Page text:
I'm actually going to argue against getting an adult cat UNLESS you can spend quality time with it to get a sense of its personality. Shelters don't necessarily allow for that. In my experience (4 cats total plus taking care of lots of neighbors' cats over the years) their personalities are formed between, say, 3 and 7 weeks old. Lots of handling in that window may make for the lap cat of your dreams, and at least help ensure that it doesn't decide to spend the rest of its life under your sofa. The risk is that will not yet have been tested for Feline Leukemia or other fatal conditions at that young age, so you might find out at 12 weeks that it won't survive. Two of my cats were found in a dumpster at about 3 weeks, fed milk from a bottle, and I took them in at about 5 weeks, when I exposed them to lots of cat-friendly people. They are so trusting and mellow that now, 8 years later, they go from one guest's lap to another or sit with any group of people that comes over. I adopted a third from the vet at 10 weeks - turns out this adorable little aggressive bastard's personality was already solid as a rock. I took in my first cat ever from a neighbor at about 8 weeks though I met it the day it was born and handled it a lot in the coming weeks - he was as cuddly with me as could be.
posted by paindemie at 1:13 PM on October 29, 2011

My wife and I have 2 cats and a dog. The dog is more so mine and the cats are more so hers, lol. But we love all the pets. It sounds to me that you're in a good situation to get a cat. The biggest difference between cats and dogs is that cats are much lower maintenance. Make sure they have food and water, clean the litter box every other day and that's it. They are also pretty interactive. Maybe not as interactive as a dog(my wife argues the opposite) but they are lots of fun. If you go away for a couple of days, you can really just leave food and water and they'll be fine. Dogs need to be walked or let out which equals much more maintenance. So go ahead and get a cat! You'll enjoy it.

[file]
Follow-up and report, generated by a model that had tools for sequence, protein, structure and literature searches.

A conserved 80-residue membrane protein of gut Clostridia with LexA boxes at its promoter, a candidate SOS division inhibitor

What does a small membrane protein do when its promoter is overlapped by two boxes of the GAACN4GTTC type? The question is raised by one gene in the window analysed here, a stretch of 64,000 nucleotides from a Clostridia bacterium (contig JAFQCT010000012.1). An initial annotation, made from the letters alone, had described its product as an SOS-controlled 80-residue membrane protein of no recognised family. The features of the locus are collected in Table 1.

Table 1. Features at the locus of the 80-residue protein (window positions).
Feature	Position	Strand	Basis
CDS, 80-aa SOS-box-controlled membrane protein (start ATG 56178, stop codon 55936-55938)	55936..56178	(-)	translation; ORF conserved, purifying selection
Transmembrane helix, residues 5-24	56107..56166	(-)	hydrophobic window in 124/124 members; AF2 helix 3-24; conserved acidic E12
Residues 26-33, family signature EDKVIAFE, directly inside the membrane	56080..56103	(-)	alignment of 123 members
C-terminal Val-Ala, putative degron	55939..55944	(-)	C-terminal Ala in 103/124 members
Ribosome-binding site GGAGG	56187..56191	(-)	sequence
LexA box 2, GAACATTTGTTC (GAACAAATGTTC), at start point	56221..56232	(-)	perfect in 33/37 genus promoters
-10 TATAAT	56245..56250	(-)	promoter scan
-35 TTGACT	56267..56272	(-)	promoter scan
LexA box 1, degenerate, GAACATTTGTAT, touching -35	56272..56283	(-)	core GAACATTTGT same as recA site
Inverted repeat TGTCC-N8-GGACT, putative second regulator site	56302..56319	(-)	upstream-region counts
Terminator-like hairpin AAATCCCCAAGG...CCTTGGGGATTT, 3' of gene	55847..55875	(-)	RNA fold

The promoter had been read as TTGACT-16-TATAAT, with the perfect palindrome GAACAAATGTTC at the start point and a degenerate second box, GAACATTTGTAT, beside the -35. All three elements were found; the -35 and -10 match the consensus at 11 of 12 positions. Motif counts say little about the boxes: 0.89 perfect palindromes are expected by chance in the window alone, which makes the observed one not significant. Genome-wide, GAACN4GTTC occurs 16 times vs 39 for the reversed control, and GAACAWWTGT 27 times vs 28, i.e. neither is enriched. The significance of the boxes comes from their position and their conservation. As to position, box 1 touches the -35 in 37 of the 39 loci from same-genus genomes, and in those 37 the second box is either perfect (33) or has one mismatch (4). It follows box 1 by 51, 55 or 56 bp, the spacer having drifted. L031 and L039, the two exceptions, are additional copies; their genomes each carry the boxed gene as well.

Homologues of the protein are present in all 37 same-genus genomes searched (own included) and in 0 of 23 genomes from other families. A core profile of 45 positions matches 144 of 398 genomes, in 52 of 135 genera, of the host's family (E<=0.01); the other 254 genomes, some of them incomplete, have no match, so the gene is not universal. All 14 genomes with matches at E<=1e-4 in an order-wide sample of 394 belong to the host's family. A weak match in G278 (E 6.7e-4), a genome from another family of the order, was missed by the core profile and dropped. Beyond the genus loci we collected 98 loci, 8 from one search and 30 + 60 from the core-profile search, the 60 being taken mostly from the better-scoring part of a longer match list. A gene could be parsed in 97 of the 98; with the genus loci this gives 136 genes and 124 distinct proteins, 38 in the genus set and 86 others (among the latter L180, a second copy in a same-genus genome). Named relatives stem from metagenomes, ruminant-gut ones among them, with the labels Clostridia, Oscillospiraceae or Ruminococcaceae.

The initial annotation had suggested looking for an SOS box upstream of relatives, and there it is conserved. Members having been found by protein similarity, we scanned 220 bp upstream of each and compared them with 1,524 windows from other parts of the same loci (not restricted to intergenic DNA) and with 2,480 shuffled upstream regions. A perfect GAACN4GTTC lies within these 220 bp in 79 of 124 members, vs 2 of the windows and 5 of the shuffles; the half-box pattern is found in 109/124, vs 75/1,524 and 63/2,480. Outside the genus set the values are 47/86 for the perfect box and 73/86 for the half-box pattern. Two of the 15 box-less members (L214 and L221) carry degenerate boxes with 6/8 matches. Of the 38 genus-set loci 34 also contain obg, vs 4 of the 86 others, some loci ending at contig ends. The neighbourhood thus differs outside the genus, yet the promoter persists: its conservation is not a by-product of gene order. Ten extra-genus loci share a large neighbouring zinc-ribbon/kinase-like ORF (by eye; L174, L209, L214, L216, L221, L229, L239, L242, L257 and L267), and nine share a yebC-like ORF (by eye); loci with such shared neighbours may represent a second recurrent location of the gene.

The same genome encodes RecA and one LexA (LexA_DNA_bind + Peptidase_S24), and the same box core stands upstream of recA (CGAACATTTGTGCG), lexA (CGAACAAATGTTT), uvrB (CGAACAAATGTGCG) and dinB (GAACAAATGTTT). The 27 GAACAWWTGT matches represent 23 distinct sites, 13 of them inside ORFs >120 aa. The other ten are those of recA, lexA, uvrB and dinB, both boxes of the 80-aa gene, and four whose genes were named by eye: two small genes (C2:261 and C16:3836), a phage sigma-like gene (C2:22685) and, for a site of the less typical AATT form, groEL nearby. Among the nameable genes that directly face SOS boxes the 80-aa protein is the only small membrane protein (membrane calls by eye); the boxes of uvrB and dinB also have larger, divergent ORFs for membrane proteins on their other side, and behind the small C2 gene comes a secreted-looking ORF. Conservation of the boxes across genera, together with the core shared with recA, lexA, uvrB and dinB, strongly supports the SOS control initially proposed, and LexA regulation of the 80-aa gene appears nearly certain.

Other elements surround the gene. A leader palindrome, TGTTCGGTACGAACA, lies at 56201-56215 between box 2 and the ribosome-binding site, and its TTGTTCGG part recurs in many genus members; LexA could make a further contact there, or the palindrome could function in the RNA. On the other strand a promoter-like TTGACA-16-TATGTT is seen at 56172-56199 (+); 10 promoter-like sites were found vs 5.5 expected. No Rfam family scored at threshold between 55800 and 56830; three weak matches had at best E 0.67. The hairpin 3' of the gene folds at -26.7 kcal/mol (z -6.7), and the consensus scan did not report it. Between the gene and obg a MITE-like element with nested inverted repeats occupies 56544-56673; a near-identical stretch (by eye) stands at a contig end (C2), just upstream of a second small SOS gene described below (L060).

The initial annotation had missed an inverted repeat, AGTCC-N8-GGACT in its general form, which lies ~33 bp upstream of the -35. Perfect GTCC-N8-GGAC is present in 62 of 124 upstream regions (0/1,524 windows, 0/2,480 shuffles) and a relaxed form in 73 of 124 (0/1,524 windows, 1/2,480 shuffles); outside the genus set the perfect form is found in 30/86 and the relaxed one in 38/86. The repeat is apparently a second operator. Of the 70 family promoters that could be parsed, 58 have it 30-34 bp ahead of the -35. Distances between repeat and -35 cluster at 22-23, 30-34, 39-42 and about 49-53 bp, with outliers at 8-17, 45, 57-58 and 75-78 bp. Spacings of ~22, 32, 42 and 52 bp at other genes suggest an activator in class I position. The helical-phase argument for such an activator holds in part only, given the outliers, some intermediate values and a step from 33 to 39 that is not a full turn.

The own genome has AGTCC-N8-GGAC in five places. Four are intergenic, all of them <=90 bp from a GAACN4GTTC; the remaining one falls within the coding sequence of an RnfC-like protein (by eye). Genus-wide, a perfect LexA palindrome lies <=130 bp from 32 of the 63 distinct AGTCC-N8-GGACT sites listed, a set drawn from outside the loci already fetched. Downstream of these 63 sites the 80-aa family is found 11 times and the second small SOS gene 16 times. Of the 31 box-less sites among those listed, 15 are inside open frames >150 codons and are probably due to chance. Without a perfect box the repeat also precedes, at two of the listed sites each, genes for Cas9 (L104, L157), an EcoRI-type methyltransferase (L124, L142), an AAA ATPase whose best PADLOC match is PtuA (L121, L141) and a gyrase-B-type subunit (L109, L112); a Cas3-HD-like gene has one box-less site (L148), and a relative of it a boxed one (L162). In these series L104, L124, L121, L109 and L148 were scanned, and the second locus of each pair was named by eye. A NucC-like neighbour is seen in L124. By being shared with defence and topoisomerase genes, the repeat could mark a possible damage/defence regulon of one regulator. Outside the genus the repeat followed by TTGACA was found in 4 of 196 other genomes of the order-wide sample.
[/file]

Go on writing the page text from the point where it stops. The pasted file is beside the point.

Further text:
posted by ljs30 at 3:04 PM on October 29, 2011

All good stuff here.

Vet friend recommended medical insurance. He routinely has to euthanize animals because owners cannot pay for treatments which WOULD have been affordable had they insurance. Medical insurance for cats is pretty affordable.
posted by Thistledown at 3:16 PM on October 29, 2011

Get an orange kitten. They're the BEST! If you go for two, get siblings. As far as expenses go, you can check the thrift stores and Craigslist for cat carriers--$10-15 vs $80. Check out the humane society and ask around for neuter/spay clinics or shot clinics--they often have much cheaper prices even if you have to stand in line a while. For me it was $25 dollars a cat vs $130. Shop online for wormer and do it on your own schedule. Cat toys are fun to buy, but kittens will make toys out of dangly string, milk bottle caps, screwed up paper, hair ties, Q-tips--you name it. Also, spend money on the clumping litter rather than the cheap clay stuff. Clay stinks and doesn't last very long. The clumping is amazing if you keep it scooped. I used cheap litter for 30 years, and finally was given a couple plastic buckets of Tidy Cat by a friend who moved. It lasts six times as long, and doesn't stink. Much cheaper in the long run.

Have fun with your new kitty, and don't forget to post a picture.
posted by BlueHorse at 8:10 PM on October 29, 2011

First, kittens are adorable but they are a hell of a lot of work up to the first or second year. They have constant energy and will fuck up everything they can--wedge themselves behind cabinets, knock things off tables, destroy paper towels, chew up cords, and meow incessantly at you when you're trying to sleep. It's cute and all but when you're beat down and just want to sit with your cat it can be very tiresome. Especially when depressed, because the last thing you want to do when you're depressed is wake up to find you're going to be late for work because your Ziploc bags are all over the floor and the cat is trying to eat them. Or when you're short on sleep and the cat will not let you sleep. That's pretty awful. Seriously, kittens are work.

So if you're just looking for the straight-up companionship-with-some-play part of getting a cat, I'd get an adult. If you must get a kitten, try to get two. I adopted an approximately 6-month old cat off the street two months ago. I love her to bits but she is an awful pain in the ass. I got another cat about her age a few weeks ago and it has significantly cut down her naughtiness because she's not as bored during the day and spends more energy wrestling with him instead of thinking up new ways to destroy everything.

Also, I have found the cats to help a bit with my depression. Not only in "Aww, cute fuzzy thing nearby!" but because if I'm in a serious funk they get me out of bed in some kind of routine--if nothing else, every day I must at least get up out of bed to feed the cats and clean the litter.
posted by Anonymous at 1:39 AM on October 30, 2011

Schroedinger makes a good point about cats giving you a routine; I can second that cats also will sometimes annoy you into sticking to that routine.

I gave Zach a lot of credit for helping me get through that first few days after 9/11, when I was occasionally slipping into these weird catatonic anxiety states -- sitting and quietly freaking out about oh no what's going to happen next when is the next thing going to go bad i don't know what to do everything's different and ...And Zach would come over in the middle of that and holler at me about "hey, moron, you need to feed me," and that snapped me out of it.
posted by EmpressCallipygos at 5:25 AM on October 30, 2011